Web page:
An industry taskforce has identified more than 300 different costs associated with investments and pensions, and up to £120bn in hidden fees taken by asset managers a year.
Transparency Task Force (TTF) has created a template listing the costs, which will be presented to the FCA and other organisations. The template found more than 300 lines of costs and charges on investments and pension schemes, including administration, investment and risk management fees, client communication, legal, governance, regulation, compliance and intermediary fees.
The taskforce has identified six main stages of charges in the template: set-up, contribution, ongoing – steady state, ongoing – changes, withdrawal and wind-up. All the stages except set-up and the ongoing – steady state have transaction costs within them.
The research has been carried out for six months by a 39-member ‘costs and charges team’ at the TTF.
Estimates from FiNexus co-managing director Chris Sier, who is part of the TTF costs and charges team, show asset managers in the UK earn between £40bn and £120bn in extra costs retail and pensions investors “pay without knowing,” he says.
“The problem is so bad that some pension schemes are hiring forensic accountants now to get a grip on the value being lost to hidden charges. When the forensics eventually find out where the money is going they can put things right and in effect create a performance uplift for the scheme,” says Sier. “The problem is that at the moment all this is very difficult to do, because of all the opacity, obfuscation and a lack of standards and templates.”
“All this can be easily fixed with the right regulation, so whether you look at the problem as a market failure issue or a social justice issue you come to the same conclusion: the public interest isn’t being protected, and that needs to change, fast.”
Ralph Frank, pension investment specialist Cardano’s chief executive of defined contribution in the UK, who also leads the costs and charges team at TTF, says the whole industry can use the template.
“Not only regulators will benefit from this template, but this cost disclosure template also helps fund managers, savers and tax authorities. You can have the maximum granularity of costs and charges using consistent data,” he says.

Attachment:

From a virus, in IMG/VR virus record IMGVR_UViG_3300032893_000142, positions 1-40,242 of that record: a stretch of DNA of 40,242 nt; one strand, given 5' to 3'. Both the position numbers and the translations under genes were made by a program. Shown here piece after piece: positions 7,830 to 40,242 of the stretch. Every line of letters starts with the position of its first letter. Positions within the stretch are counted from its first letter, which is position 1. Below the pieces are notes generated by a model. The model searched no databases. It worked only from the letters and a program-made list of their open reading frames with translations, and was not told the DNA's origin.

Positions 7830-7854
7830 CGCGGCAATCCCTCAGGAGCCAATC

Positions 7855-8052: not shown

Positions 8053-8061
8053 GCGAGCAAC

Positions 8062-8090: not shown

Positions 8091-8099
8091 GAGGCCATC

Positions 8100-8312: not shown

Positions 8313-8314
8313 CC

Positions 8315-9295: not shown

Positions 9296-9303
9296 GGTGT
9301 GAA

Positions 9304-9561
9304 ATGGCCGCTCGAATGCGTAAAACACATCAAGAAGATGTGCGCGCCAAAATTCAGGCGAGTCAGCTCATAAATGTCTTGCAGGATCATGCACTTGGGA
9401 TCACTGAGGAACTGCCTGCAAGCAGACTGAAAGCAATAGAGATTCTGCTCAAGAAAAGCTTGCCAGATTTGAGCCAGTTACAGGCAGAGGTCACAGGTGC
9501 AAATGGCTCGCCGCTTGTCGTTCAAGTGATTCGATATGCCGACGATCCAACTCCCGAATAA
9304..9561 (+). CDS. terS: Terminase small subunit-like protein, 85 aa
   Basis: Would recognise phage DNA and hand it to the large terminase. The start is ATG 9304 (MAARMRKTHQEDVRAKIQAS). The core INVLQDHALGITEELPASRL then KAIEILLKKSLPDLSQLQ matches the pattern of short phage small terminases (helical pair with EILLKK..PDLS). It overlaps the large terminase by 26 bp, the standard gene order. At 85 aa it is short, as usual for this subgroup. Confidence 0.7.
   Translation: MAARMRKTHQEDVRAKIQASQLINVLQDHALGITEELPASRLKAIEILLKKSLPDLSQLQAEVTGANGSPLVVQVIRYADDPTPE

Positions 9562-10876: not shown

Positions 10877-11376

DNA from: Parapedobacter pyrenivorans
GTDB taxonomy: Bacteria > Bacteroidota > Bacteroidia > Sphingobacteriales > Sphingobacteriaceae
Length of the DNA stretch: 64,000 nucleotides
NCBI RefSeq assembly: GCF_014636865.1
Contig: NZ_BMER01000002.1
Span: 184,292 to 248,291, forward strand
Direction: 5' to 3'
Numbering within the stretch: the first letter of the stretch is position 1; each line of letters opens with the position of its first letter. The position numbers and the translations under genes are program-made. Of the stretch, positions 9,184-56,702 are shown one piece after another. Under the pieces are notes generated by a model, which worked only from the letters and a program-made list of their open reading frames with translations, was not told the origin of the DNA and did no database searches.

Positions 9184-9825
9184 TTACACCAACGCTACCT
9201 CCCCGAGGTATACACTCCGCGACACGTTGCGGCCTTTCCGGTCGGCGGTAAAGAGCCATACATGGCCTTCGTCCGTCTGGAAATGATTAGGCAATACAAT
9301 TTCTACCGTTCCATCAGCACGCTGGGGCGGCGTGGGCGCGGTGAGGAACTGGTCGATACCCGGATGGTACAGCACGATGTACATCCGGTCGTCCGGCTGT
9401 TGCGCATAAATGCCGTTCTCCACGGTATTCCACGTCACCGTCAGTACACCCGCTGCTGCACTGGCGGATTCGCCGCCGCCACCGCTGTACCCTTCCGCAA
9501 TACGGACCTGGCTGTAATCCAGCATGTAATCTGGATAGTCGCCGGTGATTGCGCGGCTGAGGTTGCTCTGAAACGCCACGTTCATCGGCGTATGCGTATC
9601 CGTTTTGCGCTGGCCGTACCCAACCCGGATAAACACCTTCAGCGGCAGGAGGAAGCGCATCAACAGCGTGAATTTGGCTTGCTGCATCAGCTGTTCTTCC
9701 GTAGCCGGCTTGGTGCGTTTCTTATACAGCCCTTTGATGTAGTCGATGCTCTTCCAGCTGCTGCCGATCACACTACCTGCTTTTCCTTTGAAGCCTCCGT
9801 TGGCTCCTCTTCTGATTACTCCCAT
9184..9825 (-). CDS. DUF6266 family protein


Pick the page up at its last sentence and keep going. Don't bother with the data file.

Frank says the research has been made using like-for-like comparisons of different investment products so that it is not biased to a specific one. The template could also be applied to see all the costs and charges on alternative investments.
He adds: “The way to make this research useful is to map it to the products you are buying but there is no single level of disclosure in the market so far. Only if you have detailed costs you know what you’ve been deducted.”
Financial Services Consumer Panel chair Sue Lewis is wary of how Brexit might influence the progress of the TTF as well as other groups, including the FCA, in tackling fund transparency.
She says: “Every minute we don’t do something some person’s pension fund gets eroded. Asset managers make money by being obscure. We need regulatory intervention and what Brexit means is that the FCA has no excuses not to make this now.”
The TTF is not the only group working on building a fund costs template and guidance for regulators and providers.
In June, the Association of Member Nominated Trustees, which is also campaigning with the TTF on transparency of costs, voted to develop a template for costs and charges.
TTF founding chair Andy Agathangelou says the TTF template is “an evolution” of the AMNT idea, including more costs and charges.
The Investment Association has also moved in this direction, setting up an independent panel, named the Disclosure Code Advisory Boars, including representatives from the TTF, the Financial Services Consumer Panel and Local Government Association.
The project will come up with a Comprehensive Disclosure Code for asset managers to disclose investment costs.
The Local Government Pension Scheme is also going to publish a costs and charges template and start collecting data in September.